ready, it may be presumed, to grapple an enem coming from Vigevano-and engaged the other three in a single long column, widely spaced out, on the Novara road. Thus it came about that on the 23rd d'Aspre's II. corps encountered Charles Albert's whole army long before the III. and Reserve could join it. The battle of Novara was, nevertheless, as great an event in the history of the Imperial-Royal Army as Marengo in that of the French. First the II. corps, and then the II. and III. together attacked with the utmost resolution, and as the hours went by more and more of the white coats came on the field until at last the Novara IV. corps, swinging inward from Robbio, came on to the flank of the defence. This was no mere strategical triumph; the Austrians, regiment for regiment, were more than a match for the Italians and the result was decisive. Charles Albert abdicated, and the young Victor Emmanuel II., his successor, had to make a hasty armistice. - .,
After Novara, the first great struggle for Italian unity was no more than a spasmodic, if often desperate, struggle of small bodies of patriots and citizens of walled towns to avert the inevitable. The principal incidents in the last phase were the siege of Venice, the sack of Brescia by the merciless Haynau and the capture of Rome by a French expeditionary corps under General Oudinot.
THE ITALIAN WAR or 1859 A
The campaign of Magenta and Solferino took place ten years later. Napoleon III., himself an ex-tarbrmaro, and the apostle of the theory of “ nationalities, ” had had his attention and his ambitions drawn towards the Italian problem by the attempt upon his life by Orsini. The general political horizon- was by no means clear at the end of 1858, and on the 1st of January 13 SQ the emperor of the French publicly expressed to the Austrian ambassador his regret that “ our relations are not so good as heretofore.” This was regarded by all concerned as a. prelude to war, and within a short time a treaty and a marriage contract allied Sardinia with the leading European powerl In the smaller Italian states, as before, the governments wereon the side of Austria and the “ settlement of 181 5, ” and the peoples on that of United Italy. The French still maintained a garrison in Rome to support the pope. The thorny question of the temporal power 'versus the national movement was not yet in the foreground, and though Napoleon's support of the former was later to prove his undoing, in 18 SQ the main enemy was Austria and the paramount factor was the assistance of 200',000 French regulars in solving the immediate problem. V The Sardinian army, reconstituted by La Marrnora with the definite object of a war for union and rehabilitated by its conduct in the Crimea, was eager and willing. The French army, proud of its reputation as the premier army in the world, and composed, three-fourths of it, of professional soldiers whose gospel was the “ Legend, ” welcomed a return to the first Napoleon's battle-grounds, while the emperor's ambitions coincided with his sentiments. Austria, on the other hand, did not desire war. Her only motive of resistance was that it was impossible to cede her Italian possessions in face of a mere threat. To her, even more than to France and infinitely more than to Italy, the war was a political war, a “ war with a limited aim ” or “ stronger form of diplomatic note ”; it entirely lacked the national and personal spirit of resistance which makes even a passive defence so powerful.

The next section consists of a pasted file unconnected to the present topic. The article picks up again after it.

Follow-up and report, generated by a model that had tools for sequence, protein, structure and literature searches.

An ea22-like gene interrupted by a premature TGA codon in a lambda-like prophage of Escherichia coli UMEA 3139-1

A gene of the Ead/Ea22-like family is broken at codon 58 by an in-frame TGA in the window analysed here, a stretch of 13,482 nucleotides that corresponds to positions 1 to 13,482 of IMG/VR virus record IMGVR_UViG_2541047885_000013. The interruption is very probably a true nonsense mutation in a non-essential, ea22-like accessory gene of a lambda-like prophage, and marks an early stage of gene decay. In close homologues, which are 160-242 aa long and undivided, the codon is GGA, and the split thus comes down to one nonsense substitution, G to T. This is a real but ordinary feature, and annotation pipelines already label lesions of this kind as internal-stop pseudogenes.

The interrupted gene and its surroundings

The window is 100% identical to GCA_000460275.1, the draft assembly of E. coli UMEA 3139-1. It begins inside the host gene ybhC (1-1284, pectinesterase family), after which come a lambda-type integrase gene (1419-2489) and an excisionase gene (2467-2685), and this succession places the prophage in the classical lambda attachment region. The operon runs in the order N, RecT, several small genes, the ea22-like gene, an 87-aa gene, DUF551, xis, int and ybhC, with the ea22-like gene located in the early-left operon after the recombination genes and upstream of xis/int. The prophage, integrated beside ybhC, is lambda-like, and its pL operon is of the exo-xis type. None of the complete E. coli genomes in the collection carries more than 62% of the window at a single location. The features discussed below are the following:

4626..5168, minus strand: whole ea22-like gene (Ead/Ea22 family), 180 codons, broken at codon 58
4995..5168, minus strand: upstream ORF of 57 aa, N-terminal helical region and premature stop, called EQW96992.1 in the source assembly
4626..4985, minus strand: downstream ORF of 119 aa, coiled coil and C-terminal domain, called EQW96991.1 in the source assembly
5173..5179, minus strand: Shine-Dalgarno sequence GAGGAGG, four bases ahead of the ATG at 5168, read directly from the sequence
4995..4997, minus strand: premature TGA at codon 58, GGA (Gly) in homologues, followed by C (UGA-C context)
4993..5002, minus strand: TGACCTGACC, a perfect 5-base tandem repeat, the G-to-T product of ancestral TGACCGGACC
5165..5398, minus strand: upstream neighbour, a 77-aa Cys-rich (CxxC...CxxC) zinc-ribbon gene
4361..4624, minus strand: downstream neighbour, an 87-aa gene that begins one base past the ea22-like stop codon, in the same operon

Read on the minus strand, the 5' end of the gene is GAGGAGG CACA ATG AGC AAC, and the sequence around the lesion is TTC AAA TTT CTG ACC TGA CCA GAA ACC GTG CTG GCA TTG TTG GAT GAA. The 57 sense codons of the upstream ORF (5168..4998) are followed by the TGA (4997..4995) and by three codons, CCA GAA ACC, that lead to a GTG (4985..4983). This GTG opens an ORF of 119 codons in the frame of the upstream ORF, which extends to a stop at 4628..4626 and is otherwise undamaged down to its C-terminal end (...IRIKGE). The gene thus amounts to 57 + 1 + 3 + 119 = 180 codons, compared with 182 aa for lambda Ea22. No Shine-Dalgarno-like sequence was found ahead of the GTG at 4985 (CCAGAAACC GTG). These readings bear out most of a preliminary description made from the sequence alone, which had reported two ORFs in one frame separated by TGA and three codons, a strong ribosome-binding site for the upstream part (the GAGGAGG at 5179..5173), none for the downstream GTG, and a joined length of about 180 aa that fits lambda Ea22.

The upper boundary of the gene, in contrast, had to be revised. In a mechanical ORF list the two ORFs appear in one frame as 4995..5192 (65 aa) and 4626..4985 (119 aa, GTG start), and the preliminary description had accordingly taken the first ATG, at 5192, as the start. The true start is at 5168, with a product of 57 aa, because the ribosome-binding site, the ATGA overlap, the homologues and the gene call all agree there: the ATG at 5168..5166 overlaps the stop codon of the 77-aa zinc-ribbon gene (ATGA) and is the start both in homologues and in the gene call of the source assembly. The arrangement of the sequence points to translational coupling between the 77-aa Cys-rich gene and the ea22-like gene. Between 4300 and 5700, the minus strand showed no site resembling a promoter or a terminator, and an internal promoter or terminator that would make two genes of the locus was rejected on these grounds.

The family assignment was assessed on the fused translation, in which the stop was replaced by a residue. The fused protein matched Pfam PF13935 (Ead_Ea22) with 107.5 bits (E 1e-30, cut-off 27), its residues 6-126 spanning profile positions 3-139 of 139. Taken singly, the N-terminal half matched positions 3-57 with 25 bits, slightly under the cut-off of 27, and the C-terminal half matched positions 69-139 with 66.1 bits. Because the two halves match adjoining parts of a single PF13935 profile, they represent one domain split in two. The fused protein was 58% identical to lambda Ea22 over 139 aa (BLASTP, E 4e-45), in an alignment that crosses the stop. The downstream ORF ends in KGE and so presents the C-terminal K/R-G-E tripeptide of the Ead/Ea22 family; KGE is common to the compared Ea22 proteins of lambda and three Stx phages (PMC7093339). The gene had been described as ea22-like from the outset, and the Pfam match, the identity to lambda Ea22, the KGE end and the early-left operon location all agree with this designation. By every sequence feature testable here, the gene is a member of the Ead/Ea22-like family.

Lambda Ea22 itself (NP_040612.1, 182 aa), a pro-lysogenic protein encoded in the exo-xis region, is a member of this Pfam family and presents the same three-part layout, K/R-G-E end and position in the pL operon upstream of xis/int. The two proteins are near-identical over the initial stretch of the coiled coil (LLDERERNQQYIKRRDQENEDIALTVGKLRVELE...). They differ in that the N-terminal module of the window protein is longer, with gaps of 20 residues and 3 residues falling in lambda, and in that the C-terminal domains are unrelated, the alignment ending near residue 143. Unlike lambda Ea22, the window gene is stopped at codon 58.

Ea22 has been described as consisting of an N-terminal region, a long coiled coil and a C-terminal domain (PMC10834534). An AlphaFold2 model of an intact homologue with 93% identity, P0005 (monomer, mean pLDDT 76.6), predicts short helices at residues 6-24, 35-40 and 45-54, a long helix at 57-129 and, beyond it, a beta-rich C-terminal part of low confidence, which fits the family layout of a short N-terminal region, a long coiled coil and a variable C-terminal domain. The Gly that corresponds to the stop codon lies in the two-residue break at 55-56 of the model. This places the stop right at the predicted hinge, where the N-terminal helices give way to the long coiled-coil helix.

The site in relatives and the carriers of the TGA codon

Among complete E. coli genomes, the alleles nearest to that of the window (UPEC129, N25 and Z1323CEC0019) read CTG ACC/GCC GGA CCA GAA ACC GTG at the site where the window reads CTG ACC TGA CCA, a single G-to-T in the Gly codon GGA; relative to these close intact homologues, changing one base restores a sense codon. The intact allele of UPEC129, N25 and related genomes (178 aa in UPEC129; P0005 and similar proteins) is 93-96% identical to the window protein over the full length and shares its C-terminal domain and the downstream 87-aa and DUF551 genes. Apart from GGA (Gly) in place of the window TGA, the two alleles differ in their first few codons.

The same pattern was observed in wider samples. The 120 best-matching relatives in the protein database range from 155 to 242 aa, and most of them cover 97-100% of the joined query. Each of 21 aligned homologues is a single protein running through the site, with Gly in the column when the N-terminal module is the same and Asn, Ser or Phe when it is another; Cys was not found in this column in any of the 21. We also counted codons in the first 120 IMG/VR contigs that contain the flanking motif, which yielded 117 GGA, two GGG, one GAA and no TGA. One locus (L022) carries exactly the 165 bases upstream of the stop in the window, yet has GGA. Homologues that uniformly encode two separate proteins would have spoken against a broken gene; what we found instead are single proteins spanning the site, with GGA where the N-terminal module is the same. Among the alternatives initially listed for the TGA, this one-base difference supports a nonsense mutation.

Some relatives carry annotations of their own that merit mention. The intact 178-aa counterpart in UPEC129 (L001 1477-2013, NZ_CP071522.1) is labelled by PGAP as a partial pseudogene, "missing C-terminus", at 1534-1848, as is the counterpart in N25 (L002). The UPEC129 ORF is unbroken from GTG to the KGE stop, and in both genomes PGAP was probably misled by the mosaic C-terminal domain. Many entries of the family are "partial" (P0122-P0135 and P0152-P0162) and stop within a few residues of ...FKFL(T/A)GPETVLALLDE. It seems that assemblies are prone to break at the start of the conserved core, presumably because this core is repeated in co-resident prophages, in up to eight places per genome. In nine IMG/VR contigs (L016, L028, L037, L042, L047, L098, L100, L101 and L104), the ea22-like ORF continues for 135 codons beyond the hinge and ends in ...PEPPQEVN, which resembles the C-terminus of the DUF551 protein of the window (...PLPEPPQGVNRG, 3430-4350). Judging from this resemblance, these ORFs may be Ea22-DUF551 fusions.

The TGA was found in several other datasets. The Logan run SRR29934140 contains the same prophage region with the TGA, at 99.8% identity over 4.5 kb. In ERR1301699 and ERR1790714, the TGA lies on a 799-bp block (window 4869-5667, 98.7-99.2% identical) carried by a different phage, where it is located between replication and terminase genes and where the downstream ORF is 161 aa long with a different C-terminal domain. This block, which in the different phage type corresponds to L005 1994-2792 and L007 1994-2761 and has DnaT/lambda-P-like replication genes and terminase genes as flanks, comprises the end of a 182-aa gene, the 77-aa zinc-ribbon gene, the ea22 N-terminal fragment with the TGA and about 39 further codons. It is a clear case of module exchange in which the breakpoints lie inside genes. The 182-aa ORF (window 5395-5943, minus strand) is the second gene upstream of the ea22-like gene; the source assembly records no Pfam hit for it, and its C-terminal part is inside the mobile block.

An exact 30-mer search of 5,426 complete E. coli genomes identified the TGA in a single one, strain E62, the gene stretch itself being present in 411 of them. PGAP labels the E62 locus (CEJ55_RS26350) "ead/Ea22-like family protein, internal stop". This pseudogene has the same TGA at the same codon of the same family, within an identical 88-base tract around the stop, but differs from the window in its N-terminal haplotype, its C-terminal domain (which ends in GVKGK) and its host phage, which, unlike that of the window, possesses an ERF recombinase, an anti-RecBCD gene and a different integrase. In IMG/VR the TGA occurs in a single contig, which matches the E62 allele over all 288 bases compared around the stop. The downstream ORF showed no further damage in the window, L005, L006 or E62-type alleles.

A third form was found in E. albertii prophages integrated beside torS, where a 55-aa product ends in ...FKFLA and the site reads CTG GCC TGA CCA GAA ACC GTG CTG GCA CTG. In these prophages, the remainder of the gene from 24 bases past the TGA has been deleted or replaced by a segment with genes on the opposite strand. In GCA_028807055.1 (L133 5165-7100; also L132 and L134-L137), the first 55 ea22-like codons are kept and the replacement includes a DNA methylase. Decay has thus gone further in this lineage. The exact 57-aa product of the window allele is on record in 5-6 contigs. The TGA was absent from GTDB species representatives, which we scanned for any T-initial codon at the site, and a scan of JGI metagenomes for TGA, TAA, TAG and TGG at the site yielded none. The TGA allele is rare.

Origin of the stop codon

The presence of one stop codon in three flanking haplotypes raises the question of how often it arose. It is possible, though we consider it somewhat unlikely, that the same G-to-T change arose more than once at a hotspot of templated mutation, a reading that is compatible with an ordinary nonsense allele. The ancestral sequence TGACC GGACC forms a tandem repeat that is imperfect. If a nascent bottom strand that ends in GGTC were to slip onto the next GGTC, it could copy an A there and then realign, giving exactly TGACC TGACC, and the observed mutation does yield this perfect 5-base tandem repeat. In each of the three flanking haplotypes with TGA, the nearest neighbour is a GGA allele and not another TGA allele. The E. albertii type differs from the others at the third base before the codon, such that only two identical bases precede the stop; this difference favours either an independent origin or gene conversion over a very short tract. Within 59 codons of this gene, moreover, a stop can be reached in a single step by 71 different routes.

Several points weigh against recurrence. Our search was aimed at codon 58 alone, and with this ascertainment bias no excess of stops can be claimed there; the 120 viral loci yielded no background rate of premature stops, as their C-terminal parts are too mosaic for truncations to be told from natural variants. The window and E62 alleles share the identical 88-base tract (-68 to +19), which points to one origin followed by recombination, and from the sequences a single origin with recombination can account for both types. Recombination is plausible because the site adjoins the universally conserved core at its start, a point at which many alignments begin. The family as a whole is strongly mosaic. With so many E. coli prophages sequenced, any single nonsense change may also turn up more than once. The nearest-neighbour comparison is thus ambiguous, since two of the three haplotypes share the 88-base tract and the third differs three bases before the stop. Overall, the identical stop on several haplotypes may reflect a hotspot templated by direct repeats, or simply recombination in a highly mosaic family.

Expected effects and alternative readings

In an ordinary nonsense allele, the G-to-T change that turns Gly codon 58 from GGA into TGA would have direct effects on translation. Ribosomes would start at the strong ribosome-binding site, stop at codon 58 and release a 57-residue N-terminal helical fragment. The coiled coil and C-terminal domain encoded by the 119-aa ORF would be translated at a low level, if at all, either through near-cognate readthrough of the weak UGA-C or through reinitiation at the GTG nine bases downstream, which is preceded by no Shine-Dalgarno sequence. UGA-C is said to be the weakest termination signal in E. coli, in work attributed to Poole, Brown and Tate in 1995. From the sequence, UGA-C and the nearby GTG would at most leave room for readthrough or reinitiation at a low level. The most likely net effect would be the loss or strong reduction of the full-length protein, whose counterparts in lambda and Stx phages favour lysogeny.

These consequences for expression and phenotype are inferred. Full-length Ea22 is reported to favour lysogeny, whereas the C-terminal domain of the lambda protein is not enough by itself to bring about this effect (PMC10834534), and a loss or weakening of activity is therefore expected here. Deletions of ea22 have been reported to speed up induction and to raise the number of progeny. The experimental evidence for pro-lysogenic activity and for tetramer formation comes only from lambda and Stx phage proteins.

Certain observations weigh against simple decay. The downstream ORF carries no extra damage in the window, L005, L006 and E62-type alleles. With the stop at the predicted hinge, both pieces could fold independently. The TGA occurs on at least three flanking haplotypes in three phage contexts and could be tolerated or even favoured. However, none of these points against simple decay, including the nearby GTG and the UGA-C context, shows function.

Events during the period of tension that preceded the actual declaration of war were practically governed by these moral conditions. Such advantages as Austria possessed at the outset could only be turned to account, as will presently appear, by prompt action. But her army system was a combination of conscription and the “ nation in arms, ” which for the diplomatic war on hand proved to be quite inadequate. Whereas the French army was permanently on a two-thirds war footing (400,000 peace, 600,000 war), that of Austria required to be more than doubled on mobilization by calling in reservists. Now, the value of reservists is always conditioned by the temperof the population from which they come, and it is more than probable that the indecision of the Austrian government between January and April 1859 was due not only to its desire on
general grounds to avoid war, but also, and perhaps still more,